As the list has come close to completion, people have asked me what activities have stood out over the course of the year. These are the ones that come readily to mind: (and like the list itself, in no particular order)

Physical activities: I did not expect to enjoy all of the physical activities I put on the list as much as I did. Curiosity put them on the list, but I never dreamed that I would actually like training for the 5K. I have signed up for a second session of ice skating lessons, and I am certain I'll take more tennis lessons as time and budget allow. These activities tested my perceptions about my athleticism and what I assumed was my lack thereof. They also reminded me of what impact my ten years of dance training had had on me after all.

Test driving the MINI Cooper: This was a fun day spent with a good friend. I never dreamed that I'd like driving a MINI Cooper as much as I did or that owning one could be possible.

Rereading the Anne of Green Gables series: Revisiting this book series felt like going home. I was reminded of just how important Anne was to me as I was growing up, making sense of the world, and my place in it at a vulnerable time for every girl. I related to her so much better than I did my peers at the time, and Anne gave me the courage and confidence to like being myself—no matter how different I felt from others my age. I also discovered the last two books in the series that I somehow was never curious about reading as a youth. I'm grateful that I explored these books in my fortieth year. I am certain that I appreciated them as an adult far more than I would have as a young girl. Rainbow Valley and Rilla of Ingleside felt like unexpected birthday gifts.

Ice Skating at Steinbergs: This was another gift. I did not expect Cadence to enjoy this so much. I will never forget the radiance on her face as we went around and around the rink. My daughter looking up at me and saying over and over, “This is the best day! I'm having so much fun, Mommy! Let's do this again, okay?”

Cooking activities: There were only three cooking related items on the list, but they made an impression on me. I got to share each one of them with special people and with each one my confidence in the kitchen grew. And then because of my successes, I was more willing to try new things and kind to myself when they didn't work out, and then my confidence grew more. I am a different woman in the kitchen at 41 than at 40. My next forty years have a lot of yummy goodness in store. I'm just sure of it.

Daily yoga: Four sun salutations every day taught me about patience, setting goals, and the power of incremental success. These lessons will be applied in other areas of life moving forward. Not to mention how great it feels to touch my toes every single day.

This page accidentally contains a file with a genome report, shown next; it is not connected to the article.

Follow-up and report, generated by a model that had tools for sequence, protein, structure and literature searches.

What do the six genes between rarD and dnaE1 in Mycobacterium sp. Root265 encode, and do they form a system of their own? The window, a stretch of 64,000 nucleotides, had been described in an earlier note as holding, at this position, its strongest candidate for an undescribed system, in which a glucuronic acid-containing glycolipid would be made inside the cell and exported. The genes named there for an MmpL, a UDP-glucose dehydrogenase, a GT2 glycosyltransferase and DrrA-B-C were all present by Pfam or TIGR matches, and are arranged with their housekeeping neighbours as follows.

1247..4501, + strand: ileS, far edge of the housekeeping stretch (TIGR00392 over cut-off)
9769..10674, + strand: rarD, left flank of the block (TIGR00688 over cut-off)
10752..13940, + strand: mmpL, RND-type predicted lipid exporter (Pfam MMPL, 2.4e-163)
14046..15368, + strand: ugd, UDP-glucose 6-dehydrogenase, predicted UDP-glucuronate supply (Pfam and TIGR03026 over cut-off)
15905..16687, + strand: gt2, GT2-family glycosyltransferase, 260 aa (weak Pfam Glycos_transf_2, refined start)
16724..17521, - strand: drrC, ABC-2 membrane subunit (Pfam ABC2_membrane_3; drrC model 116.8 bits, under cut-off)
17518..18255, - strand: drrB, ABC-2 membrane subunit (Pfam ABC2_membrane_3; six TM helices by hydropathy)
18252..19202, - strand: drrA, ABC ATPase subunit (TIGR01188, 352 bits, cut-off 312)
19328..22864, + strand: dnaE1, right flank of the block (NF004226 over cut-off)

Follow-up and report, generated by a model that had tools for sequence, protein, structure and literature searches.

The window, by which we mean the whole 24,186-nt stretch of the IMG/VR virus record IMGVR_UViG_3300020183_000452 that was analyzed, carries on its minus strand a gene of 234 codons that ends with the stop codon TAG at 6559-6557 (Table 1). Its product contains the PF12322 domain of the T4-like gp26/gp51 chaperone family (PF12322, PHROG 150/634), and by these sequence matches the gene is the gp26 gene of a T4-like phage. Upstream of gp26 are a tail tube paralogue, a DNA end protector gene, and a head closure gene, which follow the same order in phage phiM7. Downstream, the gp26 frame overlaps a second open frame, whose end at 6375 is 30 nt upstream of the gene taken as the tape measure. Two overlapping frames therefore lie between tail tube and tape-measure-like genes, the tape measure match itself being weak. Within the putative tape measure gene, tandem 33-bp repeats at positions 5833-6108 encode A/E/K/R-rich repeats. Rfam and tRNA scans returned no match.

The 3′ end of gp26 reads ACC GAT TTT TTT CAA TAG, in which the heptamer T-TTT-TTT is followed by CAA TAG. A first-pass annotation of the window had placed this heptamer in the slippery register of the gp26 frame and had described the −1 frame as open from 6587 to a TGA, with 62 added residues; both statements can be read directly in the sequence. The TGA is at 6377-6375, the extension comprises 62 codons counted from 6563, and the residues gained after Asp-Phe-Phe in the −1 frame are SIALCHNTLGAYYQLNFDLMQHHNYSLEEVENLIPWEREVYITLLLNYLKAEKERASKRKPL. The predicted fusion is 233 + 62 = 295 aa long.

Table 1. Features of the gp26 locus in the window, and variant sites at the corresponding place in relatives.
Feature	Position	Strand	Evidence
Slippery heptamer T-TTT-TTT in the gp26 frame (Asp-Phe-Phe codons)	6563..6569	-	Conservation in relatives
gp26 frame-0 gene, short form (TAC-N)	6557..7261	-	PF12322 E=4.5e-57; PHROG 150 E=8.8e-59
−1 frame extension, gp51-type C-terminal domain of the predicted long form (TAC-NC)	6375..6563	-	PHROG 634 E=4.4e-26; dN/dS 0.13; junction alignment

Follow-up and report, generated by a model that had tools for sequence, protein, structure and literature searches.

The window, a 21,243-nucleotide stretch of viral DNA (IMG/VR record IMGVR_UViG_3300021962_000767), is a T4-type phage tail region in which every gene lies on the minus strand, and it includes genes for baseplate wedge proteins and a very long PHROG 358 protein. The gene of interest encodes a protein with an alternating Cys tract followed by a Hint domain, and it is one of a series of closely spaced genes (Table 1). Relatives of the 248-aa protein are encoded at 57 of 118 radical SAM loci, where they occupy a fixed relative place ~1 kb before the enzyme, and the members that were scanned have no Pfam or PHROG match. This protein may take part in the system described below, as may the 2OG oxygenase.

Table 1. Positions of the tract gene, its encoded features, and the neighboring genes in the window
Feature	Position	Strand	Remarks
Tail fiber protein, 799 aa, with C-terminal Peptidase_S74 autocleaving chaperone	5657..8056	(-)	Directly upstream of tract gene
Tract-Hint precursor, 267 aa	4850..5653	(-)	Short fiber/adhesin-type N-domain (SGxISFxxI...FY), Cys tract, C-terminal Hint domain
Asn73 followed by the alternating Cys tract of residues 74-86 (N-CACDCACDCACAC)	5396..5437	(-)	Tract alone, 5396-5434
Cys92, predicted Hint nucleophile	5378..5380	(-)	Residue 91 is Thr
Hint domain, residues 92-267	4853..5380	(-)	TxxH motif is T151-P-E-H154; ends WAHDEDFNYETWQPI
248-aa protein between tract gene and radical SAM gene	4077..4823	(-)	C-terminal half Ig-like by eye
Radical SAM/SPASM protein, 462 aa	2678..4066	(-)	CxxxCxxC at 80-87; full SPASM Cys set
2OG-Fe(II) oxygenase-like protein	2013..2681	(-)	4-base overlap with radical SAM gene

40 book list: I could not have predicted the trajectory my life would take by creating this simple list within a list. I chose the most meaningful forty books of my life thus far, then sent the link to one of the authors whose book made the list. In this year of taking opportunities and risks as they came my way, this message to the author opened the door to attending her retreat in Montana, which in turn opened the door to knowing myself and my craft better, having a new vision for my novel, and making special friendships—one in particular. I have stayed in constant contact with my friend Pamela, and she is coming to visit us in February. We're going to continue the conversation we started in Montana about writing and life and I am richer for her presence in my life. Saying yes to the unexpected things that come our way is a really fantastic way to spend this life.

When I started the list one year ago today, my blog's page views were just over 1,800. As of this week, I hit 16,000 page views. I asked the resident mathematician in my life to figure out what the percentage increase was. Jana did, and we both looked at each other, mouths agape. In one short 12-month period my blog's activity has increased by 780%! I'm calling that a success.

The greatest legacy of this list is knowing that I won't need to create another list to get stuff done in my life. The 40/40 list taught me that life is too good and too rich to sit by and be a spectator. I will continue to sampling new experiences—not because it's on a check list—simply because I want to.

Final item on this list: CHECK.

7. Do four sun salutations daily - CHECK.

I was hesitant about committing to daily yoga. I wasn't doing any yoga at home before January 2015. I only did yoga at my favorite yoga studio a few times a month. I really liked the energy that is cultivated in a room full of men and women who practice yoga, breathing and moving together. I just couldn't imagine thinking up a regular home practice. Then I contemplated the way I COULD add yoga to my home life. Four sun salutations seemed possible, but 365 days seemed daunting. 

Four sun salutations isn't very many, but what makes it something is its daily-ness. It didn't take long for me to realize I was on to something that would persist long after I crossed the activity off my list. I felt better every day for having this quiet, five-minute practice in my routine. Moving my body is important to counterbalance all the sitting and writing and contemplating I do.

Even though the list is completed as of today, the daily yoga will live on in my life. I am excited about the ways the four sun salutations will transform into other forms of practice as I feel ready to stretch myself—literally and figuratively.